استفاده از شبکه های بیزی کلاس بندی برای محاسبه توربین بادی خروجی انرژی متوسط طولانی مدت در یک سایت تبدیل انرژی بادی بالقوه
|کد مقاله||سال انتشار||مقاله انگلیسی||ترجمه فارسی||تعداد کلمات|
|29098||2011||13 صفحه PDF||سفارش دهید||محاسبه نشده|
Publisher : Elsevier - Science Direct (الزویر - ساینس دایرکت)
Journal : Energy Conversion and Management, Volume 52, Issue 2, February 2011, Pages 1137–1149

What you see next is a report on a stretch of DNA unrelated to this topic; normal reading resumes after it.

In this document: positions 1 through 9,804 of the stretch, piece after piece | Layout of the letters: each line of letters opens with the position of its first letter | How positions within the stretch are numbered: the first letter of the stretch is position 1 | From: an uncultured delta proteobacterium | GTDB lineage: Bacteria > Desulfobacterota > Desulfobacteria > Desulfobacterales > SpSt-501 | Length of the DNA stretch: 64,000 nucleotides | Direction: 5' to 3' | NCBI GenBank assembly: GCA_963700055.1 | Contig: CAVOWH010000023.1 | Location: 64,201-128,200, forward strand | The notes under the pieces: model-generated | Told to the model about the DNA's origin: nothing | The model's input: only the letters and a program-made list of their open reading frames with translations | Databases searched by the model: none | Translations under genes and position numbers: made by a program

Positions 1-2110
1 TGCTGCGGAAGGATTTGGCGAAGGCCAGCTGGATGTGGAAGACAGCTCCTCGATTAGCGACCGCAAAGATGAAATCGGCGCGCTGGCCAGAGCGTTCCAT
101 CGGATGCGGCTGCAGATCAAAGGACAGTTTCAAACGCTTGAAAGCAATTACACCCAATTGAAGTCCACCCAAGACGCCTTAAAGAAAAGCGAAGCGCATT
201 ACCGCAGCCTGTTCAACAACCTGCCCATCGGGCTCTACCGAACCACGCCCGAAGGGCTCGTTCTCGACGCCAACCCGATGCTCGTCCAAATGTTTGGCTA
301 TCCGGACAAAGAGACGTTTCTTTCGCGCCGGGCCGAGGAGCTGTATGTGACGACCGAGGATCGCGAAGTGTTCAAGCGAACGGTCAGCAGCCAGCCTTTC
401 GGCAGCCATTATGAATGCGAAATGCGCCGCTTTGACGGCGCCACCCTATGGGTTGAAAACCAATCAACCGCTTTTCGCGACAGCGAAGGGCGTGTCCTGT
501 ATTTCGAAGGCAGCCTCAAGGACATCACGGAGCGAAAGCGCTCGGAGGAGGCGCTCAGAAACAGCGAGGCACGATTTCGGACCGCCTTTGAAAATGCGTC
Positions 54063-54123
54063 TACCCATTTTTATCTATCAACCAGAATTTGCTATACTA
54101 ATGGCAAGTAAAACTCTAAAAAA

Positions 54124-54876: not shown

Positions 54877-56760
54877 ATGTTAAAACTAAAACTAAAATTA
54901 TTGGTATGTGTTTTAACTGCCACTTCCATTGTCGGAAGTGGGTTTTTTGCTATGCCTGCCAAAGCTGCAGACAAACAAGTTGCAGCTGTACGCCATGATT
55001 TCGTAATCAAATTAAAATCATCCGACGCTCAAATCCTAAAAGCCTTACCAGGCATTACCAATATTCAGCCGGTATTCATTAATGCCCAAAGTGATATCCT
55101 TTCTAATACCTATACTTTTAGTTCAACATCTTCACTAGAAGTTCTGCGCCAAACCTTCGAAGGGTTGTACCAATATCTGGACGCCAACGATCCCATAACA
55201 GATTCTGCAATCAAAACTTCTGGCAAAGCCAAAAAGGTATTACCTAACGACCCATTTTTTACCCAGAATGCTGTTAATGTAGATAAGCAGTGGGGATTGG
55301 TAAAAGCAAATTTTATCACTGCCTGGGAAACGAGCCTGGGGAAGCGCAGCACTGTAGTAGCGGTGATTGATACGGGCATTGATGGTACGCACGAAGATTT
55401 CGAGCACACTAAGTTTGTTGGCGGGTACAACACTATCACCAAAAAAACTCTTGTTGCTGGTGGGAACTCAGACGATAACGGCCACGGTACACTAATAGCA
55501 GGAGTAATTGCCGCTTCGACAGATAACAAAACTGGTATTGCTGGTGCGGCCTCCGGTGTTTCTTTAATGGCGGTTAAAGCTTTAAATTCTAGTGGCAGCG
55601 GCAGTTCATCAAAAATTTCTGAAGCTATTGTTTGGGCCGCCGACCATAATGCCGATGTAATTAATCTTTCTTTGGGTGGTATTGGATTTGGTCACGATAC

Due to the interannual variability of wind speed a feasibility analysis for the installation of a Wind Energy Conversion System at a particular site requires estimation of the long-term mean wind turbine energy output. A method is proposed in this paper which, based on probabilistic Bayesian networks (BNs), enables estimation of the long-term mean wind speed histogram for a site where few measurements of the wind resource are available. For this purpose, the proposed method allows the use of multiple reference stations with a long history of wind speed and wind direction measurements. That is to say, the model that is proposed in this paper is able to involve and make use of regional information about the wind resource. With the estimated long-term wind speed histogram and the power curve of a wind turbine it is possible to use the method of bins to determine the long-term mean energy output for that wind turbine. The intelligent system employed, the knowledgebase of which is a joint probability function of all the model variables, uses efficient calculation techniques for conditional probabilities to perform the reasoning. This enables automatic model learning and inference to be performed efficiently based on the available evidence. The proposed model is applied in this paper to wind speeds and wind directions recorded at four weather stations located in the Canary Islands (Spain). Ten years of mean hourly wind speed and direction data are available for these stations. One of the conclusions reached is that the BN with three reference stations gave fewer errors between the real and estimated long-term mean wind turbine energy output than when using two measure–correlate–predict algorithms which were evaluated and which use a linear regression between the candidate station and one reference station.